Talk:Marching squares

Currently, the task description does not allow us to determine whether an implementation is correct.

The referenced wiki pages represent an image transformation, but currently no tasks here generate images (and this site is poorly equipped to represent images).

Instead, some of the tasks currently represent a transformation from a bitmap to a sequence of non-unique coordinates, but it's not clear that those coordinates represent the marching squares image transformation.

Specifically, we see:

```0 0 0 0 0
0 0 0 0 0
0 0 1 1 0
0 0 1 1 0
0 0 0 1 0
0 0 0 0 0```

being transformed into a sequence of 11 coordinates pairs which correspond to 9 distinct coordinates arranged like this:

```0 0 0 0 0
0 0 1 1 0
0 1 0 0 1
1 0 0 0 1
0 1 1 1 0```

This transformation lacks symmetry which makes it suspect. Currently there's nothing in the task description to help us understand this issue. It's difficult to see how this corresponds to a contour of the original image, but if the above were rotated counterclockwise 90 degrees, the inner region of zeros do correspond to the original image:

```0 0 1 1 0
0 1 0 0 1
0 1 0 0 1
0 0 1 0 1
0 0 0 1 0```

Also, one of the duplicated coordinate pairs corresponds to the beginning and end of the path. (But why is the other coordinate pair duplicated?)

In contrast, the Wren and Phix solutions identify a path with length 11 composed of 10 unique coordinates which would probably correspond to these positions (or maybe this should be shifted up and to the left by one grid coordinate? I'm guessing because I don't know whether the 0,0 coordinate would correspond to the upper left hand corner of the bitmap or if it would be outside the bitmap):

```0 0 0 0 0
0 0 0 0 0
0 0 1 1 1
0 0 1 0 1
0 0 1 1 1
0 0 0 1 1```

Again, this lacks symmetry. This one seems to correspond roughly to the original shape and orientation (though the orientation is my doing, and the interior of the countour does not correspond to the original shape).

Possibly all of these results are correct. Possibly not. Currently the task is too ambiguous. --Rdm (talk) 01:34, 30 June 2022 (UTC)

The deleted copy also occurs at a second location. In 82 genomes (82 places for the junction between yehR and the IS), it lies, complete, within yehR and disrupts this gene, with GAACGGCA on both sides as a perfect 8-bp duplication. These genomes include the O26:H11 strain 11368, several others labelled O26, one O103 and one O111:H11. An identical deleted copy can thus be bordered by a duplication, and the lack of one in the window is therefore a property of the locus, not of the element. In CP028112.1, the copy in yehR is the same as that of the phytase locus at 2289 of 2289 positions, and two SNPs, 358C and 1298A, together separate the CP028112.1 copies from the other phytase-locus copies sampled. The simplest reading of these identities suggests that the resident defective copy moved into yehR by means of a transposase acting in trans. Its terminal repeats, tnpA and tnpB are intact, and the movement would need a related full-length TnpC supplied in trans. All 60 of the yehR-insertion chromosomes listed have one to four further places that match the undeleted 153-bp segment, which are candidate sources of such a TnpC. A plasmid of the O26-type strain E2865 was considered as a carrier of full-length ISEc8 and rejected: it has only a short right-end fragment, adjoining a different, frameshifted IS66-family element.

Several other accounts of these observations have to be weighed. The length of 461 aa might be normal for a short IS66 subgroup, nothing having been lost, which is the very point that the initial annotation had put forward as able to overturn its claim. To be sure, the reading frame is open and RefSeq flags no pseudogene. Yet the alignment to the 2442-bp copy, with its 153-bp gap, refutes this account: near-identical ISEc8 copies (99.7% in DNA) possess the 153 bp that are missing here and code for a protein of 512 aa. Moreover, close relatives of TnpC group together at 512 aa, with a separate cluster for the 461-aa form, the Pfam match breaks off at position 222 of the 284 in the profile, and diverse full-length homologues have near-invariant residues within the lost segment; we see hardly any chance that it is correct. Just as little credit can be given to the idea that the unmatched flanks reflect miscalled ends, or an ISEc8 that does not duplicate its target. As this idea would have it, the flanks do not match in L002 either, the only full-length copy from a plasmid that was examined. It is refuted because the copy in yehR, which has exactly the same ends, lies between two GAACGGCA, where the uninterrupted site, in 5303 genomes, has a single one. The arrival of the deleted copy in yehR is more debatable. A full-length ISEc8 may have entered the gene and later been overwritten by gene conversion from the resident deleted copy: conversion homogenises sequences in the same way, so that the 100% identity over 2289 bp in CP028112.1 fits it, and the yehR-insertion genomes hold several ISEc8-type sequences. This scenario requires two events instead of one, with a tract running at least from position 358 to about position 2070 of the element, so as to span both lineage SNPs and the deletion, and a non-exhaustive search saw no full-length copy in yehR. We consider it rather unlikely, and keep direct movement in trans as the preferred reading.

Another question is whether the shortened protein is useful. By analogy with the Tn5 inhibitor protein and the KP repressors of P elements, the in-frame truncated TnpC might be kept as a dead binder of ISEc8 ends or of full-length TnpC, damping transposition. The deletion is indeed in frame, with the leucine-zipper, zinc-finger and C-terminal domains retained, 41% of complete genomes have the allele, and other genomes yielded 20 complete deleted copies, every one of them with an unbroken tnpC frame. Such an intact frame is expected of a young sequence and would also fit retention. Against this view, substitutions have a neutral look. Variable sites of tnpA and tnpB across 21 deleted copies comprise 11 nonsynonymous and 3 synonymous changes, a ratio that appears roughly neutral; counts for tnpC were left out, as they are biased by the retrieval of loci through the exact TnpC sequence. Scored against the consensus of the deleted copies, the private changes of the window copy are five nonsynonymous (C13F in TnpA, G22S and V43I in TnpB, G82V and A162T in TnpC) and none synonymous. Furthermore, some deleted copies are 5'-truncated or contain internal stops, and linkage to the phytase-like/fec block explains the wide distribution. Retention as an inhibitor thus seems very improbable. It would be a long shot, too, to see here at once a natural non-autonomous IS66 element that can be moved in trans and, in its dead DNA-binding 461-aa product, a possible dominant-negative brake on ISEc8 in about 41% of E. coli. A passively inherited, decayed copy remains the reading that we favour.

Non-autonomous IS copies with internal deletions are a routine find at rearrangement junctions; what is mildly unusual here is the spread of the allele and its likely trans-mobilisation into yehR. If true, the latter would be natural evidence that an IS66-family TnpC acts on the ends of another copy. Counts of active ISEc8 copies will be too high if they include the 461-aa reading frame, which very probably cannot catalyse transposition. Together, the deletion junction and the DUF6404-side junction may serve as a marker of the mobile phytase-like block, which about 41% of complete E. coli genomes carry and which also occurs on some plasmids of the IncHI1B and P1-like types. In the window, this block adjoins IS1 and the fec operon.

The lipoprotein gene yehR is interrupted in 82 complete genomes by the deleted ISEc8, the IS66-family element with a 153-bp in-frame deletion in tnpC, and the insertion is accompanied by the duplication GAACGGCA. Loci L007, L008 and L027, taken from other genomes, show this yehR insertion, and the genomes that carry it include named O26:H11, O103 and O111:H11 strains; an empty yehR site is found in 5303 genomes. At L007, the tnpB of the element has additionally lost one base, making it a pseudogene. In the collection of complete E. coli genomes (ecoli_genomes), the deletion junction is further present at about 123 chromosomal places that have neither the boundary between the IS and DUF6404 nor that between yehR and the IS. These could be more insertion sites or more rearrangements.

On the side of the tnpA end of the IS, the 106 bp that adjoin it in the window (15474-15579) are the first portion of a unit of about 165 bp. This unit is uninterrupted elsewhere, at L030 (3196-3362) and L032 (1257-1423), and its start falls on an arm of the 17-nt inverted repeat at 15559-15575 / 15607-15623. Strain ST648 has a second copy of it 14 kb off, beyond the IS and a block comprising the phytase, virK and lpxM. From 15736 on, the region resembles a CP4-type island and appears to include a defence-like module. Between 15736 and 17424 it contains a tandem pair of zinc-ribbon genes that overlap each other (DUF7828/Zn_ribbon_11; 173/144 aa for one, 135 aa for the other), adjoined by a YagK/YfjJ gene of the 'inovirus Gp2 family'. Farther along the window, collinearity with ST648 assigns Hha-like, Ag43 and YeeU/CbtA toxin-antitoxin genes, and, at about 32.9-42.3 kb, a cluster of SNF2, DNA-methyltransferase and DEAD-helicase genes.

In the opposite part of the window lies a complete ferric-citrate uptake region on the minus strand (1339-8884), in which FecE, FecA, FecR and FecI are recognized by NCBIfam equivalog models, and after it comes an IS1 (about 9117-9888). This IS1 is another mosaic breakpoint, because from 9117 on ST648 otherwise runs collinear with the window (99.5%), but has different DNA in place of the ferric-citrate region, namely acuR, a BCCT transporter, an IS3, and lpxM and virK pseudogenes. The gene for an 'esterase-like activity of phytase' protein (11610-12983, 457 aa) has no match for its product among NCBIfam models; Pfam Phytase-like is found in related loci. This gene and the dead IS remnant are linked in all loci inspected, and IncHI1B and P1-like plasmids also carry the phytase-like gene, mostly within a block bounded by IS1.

Looking at this more closely, the implementation of `identifyPerimeter` at http://www.tomgibara.com/computer-vision/MarchingSquares.java is unable to identify diagonal contour lines, even though half of the contour lines in the lookup table of the basic algorithm are diagonals. Also, that `identifyPerimeter` implementation finds only one contour line (and only if that contour line corresponds to a perimeter which touches the center of the image). --Rdm (talk)

Overall I would agree this task is far from perfect and TG's code is at best a gross oversimplification (whilst somehow also being a gross overcomplication) that bears little resemblance to anything else I've seen. Then again in my opinion the wp description of the algorithm also leaves much to be desired. It seems to me the Julia and Python outputs are rotated by 90 but with 99.9% of the actual implementation being somewhat hidden I can't exactly be sure about that. A much better (text-representable) input, the expected/desired output (ditto), and maybe a few simple (third-party-hosted) images would certainly help. --Pete Lomax (talk) 15:43, 30 June 2022 (UTC)
FWIW, I suspect the Wren and Phix output corresponds to the "gaps" in the input, and maybe the (quite blatently deliberate and easily undone) negative Y result is somehow supposed to indicate that? --Pete Lomax (talk) 20:43, 30 June 2022 (UTC)
If I understand right, the result that we are expecting should correspond to positions half way between pixels. Looking at the wikipedia entry, we should be working with an intermediate result something like this:

0  0  0  0  0
0  2  3  1  0
0  6 15  9  0
0  4 14  9  0
0  0  4  8  0
0  0  0  0  0

But then, according to the wikipedia page, each of those integer values get expanded into collections of pixels. And that's not what we are seeing here with any of the current task implementations. --Rdm (talk) 11:33, 1 July 2022 (UTC)

Oval of Cassini

It is always difficult when a task is submitted with no implementation and just a reference to Wikipedia, especially if the task's author does not then engage in the discussion. I suggest the task description should be expanded to in include an example, and that that example should be Oval of Cassini. The task being to use Marching Squares to produce Expected Output.--Nigel Galloway (talk) 14:36, 1 July 2022 (UTC)